I wrote this blog post right after the AC Tri in Mid September. I’ve only recently gotten around to adding in the oh so important photos:-) Better late than never, right? Here you go!
It just makes me so giddy that there is a triathlon in Atlantic City, so even though I don’t live there anymore, I do my best to make it back to support the tri community in the town which I never, ever would host a triathlon- let alone two in one season!
This is my third time racing the four-year-old AC Tri (I only missed in 2012!) and I must say that every year I walk away commending Delmo sports for putting on an exceptional event. This year was no different.
I headed up to Jersey on the Friday before the race. My trip started off by picking up my bike from the Tuckahoe bike shop- in Ocean City. When I arrived, the bike was still in the bike stand, with one aero bar on. Uh. Oh. The guy at the shop told me that the ones they had didn’t fit. He also seemed a little frustrated, because their store really doesn’t deal with tri bikes, they mainly do cruisers. This bike was the only high end road bike they had. He called the guy from the other shop (the one actually in Tuckahoe), then went upstairs, returning a few minutes later with a brand new set of aeros. Phew. Mom and I went to lunch at Manco and Manco pizza (a must when in Ocean City!!) while he installed them. Unfortunately, this shop didn’t have a trainer for me to hop on and get fit properly on the bike, so I just figured I’d go with it, and adjust what I could on my own. Lesson: go to Tuckahoe if renting a racing bike.
At least there was pizza.
Friday evening, I went for a run on the boardwalk. A nice little 8k shake out after a morning of travel was just what I needed. Then, Saturday morning I got to meet one of my SOAS Racing teammates, Maria. She’s a total rockstar, and qualified for Kona at Louisville this year. Ah. Mazing. Check out her story here and help her fund raise here. I was really hoping for an outdoor ride, but the threat of rain kept us inside in the “pain cave” on the trainers for a few hours. I only stayed for two, while she had four. That woman is dedicated!
After the ride, I headed down to Bader Field to check in for the race. Check in was a breeze, and I met a blog reader while getting my shirt. Hi Mary! I racked my bike, covered it in trash bags to protect it from the impending rain, and went to the pre-race meeting. After a pretty standard meeting, I went home, relaxed for the night and completed the oh so important pre-race pedicure.
I woke up a few minutes before my alarm and immediately checked the weather. 58°F, 13mph winds. Brr. Definitely a sweatshirt kind of morning. Warm oats were the perfect breakfast, and I made myself a cup of coffee. Well, I used my parent’s coffee maker and made a small pot that was entirely too strong (it was as dark as the muddy water I would swim in later in the morning), and I could only handle a few sips before throwing it out. Well that was a bust.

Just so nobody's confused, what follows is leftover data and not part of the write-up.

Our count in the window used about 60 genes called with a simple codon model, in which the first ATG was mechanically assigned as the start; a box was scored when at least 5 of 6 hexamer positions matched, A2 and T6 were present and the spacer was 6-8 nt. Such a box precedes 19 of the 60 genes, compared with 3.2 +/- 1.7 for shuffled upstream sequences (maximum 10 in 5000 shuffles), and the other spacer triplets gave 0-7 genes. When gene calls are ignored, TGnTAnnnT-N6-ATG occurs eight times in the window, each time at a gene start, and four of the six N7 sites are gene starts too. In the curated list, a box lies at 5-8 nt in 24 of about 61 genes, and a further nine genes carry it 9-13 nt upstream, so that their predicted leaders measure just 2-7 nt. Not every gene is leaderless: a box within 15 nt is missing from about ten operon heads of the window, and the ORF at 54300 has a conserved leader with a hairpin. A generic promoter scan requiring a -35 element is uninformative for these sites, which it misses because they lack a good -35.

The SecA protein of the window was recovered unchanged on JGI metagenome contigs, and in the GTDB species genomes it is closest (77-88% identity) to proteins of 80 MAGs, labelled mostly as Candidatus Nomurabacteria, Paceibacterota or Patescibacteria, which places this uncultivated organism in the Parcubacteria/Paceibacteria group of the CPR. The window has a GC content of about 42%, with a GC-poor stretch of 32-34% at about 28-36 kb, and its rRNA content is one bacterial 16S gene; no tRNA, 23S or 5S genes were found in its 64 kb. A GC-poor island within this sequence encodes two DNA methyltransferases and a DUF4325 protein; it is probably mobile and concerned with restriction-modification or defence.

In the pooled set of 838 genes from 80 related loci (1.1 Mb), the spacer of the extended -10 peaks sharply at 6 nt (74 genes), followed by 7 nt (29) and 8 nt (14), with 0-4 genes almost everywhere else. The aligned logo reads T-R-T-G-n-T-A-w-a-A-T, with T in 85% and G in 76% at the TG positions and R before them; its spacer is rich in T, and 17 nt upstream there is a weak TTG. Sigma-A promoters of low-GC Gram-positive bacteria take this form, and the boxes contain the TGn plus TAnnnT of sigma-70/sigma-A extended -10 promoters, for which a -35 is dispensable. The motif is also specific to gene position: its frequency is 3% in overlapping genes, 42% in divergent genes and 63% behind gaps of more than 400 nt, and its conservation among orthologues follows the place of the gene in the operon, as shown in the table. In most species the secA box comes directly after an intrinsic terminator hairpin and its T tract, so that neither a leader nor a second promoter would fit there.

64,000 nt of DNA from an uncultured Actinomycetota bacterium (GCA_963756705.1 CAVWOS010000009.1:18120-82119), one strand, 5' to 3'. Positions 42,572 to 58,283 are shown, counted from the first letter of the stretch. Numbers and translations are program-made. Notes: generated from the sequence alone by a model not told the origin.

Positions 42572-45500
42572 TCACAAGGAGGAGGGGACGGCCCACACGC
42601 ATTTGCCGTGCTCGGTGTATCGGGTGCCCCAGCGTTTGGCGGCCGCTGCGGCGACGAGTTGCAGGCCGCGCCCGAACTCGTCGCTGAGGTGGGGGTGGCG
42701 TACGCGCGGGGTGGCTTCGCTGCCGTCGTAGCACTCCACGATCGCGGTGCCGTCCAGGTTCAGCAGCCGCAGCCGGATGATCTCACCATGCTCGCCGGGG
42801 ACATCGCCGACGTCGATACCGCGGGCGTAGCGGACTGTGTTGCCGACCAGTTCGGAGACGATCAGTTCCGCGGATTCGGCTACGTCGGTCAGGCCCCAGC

(Photo courtesy of Delmo Sports)
We left the house with plenty of time to get to transition before it closed at 6:15. We had been warned to get there early, as there is only one way in to Bader field, so we left the house at 5:15 (my parents live 2 miles from Bader Field). We hit a little bit of traffic, and pulled in to a spot a little after 5:30. My biggest complaint about this race is probably this, though I am not sure how to fix it. There has to be a way to open a second entrance- hundreds of cars descending on one entrance does not ease the nerves of anxious triathletes!
I got myself set up, hit up the porta-potty, and then put on my wetsuit. I headed down to the swim start to line up, still bundled in my long sleeve and sweatshirt. I was thankful for the wetsuit- it was keeping my legs warm! As I checked out the water, I noticed a whole bunch of college kids, and learned that it was the Northeast Collegiate Championships. Welp, I guess I’m going to get schooled by kids 10 years younger than me.
My Jamis rental
Swim: 1 mile, 28:23
The swim is seed yourself, so I placed my self close to the front of the pack. I didn’t want to be one of the first people in, but I definitely wanted to be one of the first 10% in the water. It was low tide, and they had us jump off the dock one at a time. It went by fast, and soon, I was jumping in to the muck. Yes, it was muck. The floor of the bay is some of the mushiest, stickiest, grossest material I have ever felt between my toes. Ick! And of course, because of all the athletes churning up the floor and water ahead of me, the water was BLACK. I could not see a thing in the water, and I’m not sure if that’s a good thing or not…I immediately started passing people and realized that I probably could have hopped in sooner. And as per usual, there were people who should NOT have seeded themselves where they did (backstroke, in the first 250 yards, really?). I was feeling pretty good on the swim, but halfway through the long, straight leg of the swim, it just started to feel really long. I’m not sure if it actually was long (anyone with a 910 want to confirm??), but I think the tide had turned and started running in, so we were heading in to the current. I was happy to make that final turn before heading in to the dock. I actually reached the dock at the same time as another girl (college kid!) but I beat her out on to the dock. Yes, the competitive side of me came out- I will not be beat out of the water!